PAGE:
The author honors Thucydides with an epigraph for each chapter, sometimes conflating separate passages. International relations “realists” forever quote Thucydides’s bullying Athenians at the 416 BCE Melian Conference: “According to the law of nature, one rules whatever one can …. We did not make this law. We found it when we came to power...” (89). This is certainly not a “benign” Athenian self-conception (xv). But Thucydides never wrote the words “quoted” here (no phrase in the Greek denotes, e.g., “law of nature”), nor are they contained in Strassler’s version of Crawley’s translation, which Allison claims to follow. Moreover, Allison himself denies that his “trap” metaphor makes Thucydides a determinist. “Inevitable war” turns out to be a bit of statesman’s rhetoric: “clearly meant as hyperbole,” a mere “exaggeration for emphasis” (viii, 40, 286). He does not argue the point.

Part I summarizes the rise of China. Though the (unidentified) “elite press” thinks the Chinese economy is slowing down, Allison pointedly observes that “between 2011 and 2013 China ... used more cement than the US did in the entire twentieth century” (13).[8] Part II surveys five hundred years of European[9] standoffs, comparing them to recent relations between the United States and China. The author finds that “none of the conflicts were inevitable” (43). The rising powers thought they were only establishing their “rightful place in the pecking order” (49). Part III asks whether current policies are trending toward war. Allison compares American views of present-day Chinese “aggressive behaviors” to the 1914 European crisis and to Theodore Roosevelt’s “virile conception of international altruism” (93). China is pushing its weight around now as the United States did a century ago in Cuba, the Philippines, among future Panamanians, and in seizing Alaska’s panhandle and diminishing Canada’s territory.

“What Xi’s China Wants” (chap. 6) is “Making China Great Again,” a wry jab at Xi’s Washington counterpart. The (restored) “Middle Kingdom” (that is, the only earthly power) wants to be rich and respected. It wants the United States to “butt out” (126) of Pacific and Asian security concerns, while it develops the technology and strategy to enforce its will. If possible, China will reach its goals without fighting, but it will arm and train its forces to win. Thucydides and Allison’s former colleague Samuel Huntington are credited with identifying “the clash of civilizations.” Allison distorts this other trendy, inflammatory phrase out of all recognition when he contrasts Athenians with nearby Corinthians and Spartans. Just as the United States pushed Britain’s imperial navy out of the Western Hemisphere, relying on geography, population, economics, and weaponry, so the Chinese may be able to capitalize on their strategic advantages to force an overextended United States back from East Asia. The wily British discovered they could get what they needed (“vital interests”) from their “special relationship” with their young American cousins. In one chapter, Allison provides scenarios of accidental encounters that could escalate beyond points of no return. Masters of policy become slaves of uncontrollable events. He reviews examples of China’s shrewd initiation of limited wars (159) and identifies plausible paths to future wars with the United States.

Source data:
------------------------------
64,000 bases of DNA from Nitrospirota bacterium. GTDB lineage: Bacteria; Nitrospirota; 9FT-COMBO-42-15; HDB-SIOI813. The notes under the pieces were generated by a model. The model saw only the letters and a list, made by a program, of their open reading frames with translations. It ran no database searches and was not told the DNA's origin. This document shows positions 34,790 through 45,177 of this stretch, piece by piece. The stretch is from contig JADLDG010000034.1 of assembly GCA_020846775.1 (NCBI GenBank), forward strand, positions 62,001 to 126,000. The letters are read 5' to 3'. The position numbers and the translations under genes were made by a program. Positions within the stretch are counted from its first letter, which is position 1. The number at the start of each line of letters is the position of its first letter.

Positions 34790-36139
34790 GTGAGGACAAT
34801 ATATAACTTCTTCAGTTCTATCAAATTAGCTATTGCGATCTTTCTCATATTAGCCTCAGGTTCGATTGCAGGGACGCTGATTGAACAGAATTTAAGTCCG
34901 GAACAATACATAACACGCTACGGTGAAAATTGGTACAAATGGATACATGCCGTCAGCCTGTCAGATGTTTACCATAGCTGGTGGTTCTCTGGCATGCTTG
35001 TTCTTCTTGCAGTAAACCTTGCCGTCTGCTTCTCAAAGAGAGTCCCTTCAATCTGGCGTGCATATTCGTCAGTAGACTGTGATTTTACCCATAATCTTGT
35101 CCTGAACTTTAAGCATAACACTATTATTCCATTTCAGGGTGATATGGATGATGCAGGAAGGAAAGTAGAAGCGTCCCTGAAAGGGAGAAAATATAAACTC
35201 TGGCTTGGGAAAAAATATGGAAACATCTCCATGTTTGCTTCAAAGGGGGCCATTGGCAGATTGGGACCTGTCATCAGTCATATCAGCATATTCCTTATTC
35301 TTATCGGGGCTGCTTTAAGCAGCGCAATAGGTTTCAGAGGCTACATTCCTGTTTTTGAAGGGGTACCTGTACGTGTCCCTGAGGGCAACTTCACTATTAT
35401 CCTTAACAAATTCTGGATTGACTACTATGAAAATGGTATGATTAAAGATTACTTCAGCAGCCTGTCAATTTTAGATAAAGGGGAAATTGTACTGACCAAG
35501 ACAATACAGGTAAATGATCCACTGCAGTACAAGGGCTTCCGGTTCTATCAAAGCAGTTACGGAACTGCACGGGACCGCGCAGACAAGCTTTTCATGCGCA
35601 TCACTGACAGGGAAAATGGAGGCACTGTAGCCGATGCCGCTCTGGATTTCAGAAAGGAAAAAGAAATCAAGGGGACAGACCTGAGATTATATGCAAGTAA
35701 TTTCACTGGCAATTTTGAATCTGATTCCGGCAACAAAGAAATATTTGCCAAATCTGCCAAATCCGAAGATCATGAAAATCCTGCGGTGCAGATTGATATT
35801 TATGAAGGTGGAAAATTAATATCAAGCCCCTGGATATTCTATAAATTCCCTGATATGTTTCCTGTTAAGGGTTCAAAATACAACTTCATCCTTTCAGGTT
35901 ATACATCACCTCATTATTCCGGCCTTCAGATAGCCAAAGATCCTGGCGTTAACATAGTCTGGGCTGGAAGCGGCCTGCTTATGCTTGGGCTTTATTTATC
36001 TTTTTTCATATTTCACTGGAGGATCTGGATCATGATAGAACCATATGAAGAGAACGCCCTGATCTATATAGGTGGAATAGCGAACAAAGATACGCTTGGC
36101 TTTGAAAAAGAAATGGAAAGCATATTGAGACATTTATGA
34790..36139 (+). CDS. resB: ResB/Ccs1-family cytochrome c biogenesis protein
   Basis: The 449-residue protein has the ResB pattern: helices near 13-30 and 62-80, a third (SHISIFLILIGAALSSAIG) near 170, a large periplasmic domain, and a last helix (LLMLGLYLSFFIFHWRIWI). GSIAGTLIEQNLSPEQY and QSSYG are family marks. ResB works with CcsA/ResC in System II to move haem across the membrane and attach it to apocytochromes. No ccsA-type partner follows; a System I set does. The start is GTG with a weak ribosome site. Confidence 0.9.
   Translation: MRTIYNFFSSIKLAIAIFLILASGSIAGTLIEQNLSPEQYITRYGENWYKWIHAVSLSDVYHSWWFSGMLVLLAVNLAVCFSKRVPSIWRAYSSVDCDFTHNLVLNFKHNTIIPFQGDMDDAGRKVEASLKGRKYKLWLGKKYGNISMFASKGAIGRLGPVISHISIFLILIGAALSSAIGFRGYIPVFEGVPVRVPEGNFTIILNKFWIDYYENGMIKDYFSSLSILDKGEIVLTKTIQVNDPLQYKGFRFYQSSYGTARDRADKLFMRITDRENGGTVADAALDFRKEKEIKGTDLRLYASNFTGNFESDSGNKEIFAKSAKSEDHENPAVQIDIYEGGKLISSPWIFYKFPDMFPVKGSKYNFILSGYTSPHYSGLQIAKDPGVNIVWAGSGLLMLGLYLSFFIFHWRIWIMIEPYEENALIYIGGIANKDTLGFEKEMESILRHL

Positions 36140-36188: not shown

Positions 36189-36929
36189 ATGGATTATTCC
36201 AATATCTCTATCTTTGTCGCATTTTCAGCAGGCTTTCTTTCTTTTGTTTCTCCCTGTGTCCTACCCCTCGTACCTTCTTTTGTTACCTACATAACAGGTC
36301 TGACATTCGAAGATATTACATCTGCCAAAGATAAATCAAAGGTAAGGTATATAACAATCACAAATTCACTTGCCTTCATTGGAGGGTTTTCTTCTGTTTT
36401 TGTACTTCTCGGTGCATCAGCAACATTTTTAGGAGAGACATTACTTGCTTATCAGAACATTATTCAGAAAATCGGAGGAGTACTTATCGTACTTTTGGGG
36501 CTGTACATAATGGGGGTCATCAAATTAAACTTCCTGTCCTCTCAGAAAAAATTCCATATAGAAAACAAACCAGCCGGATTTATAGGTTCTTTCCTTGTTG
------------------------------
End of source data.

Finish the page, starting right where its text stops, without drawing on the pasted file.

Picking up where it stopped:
Part IV jauntily rejects fatalism, determinism, irresistible and immovable objects. In “Rise Meets Rule” (30), the author astutely summarizes China’s startling economic, political, and geostrategic progress in the past twenty years. America has lost or withdrawn from its post-Cold War military engagements (329n21), save for Grenada! Even transactional diplomacy—the usual kind—should forgo “sleeping giant” and “America First” rhetorical fireworks. Allison thinks it unwise to vilify China, as President Donald Trump has done. Better to thicken “economic entanglements” with the Chinese rather than humiliate them and be humiliated (cf. Thucydides’s notion of “honor”). If answered, Allison’s call for better strategic thinking would benefit everyone.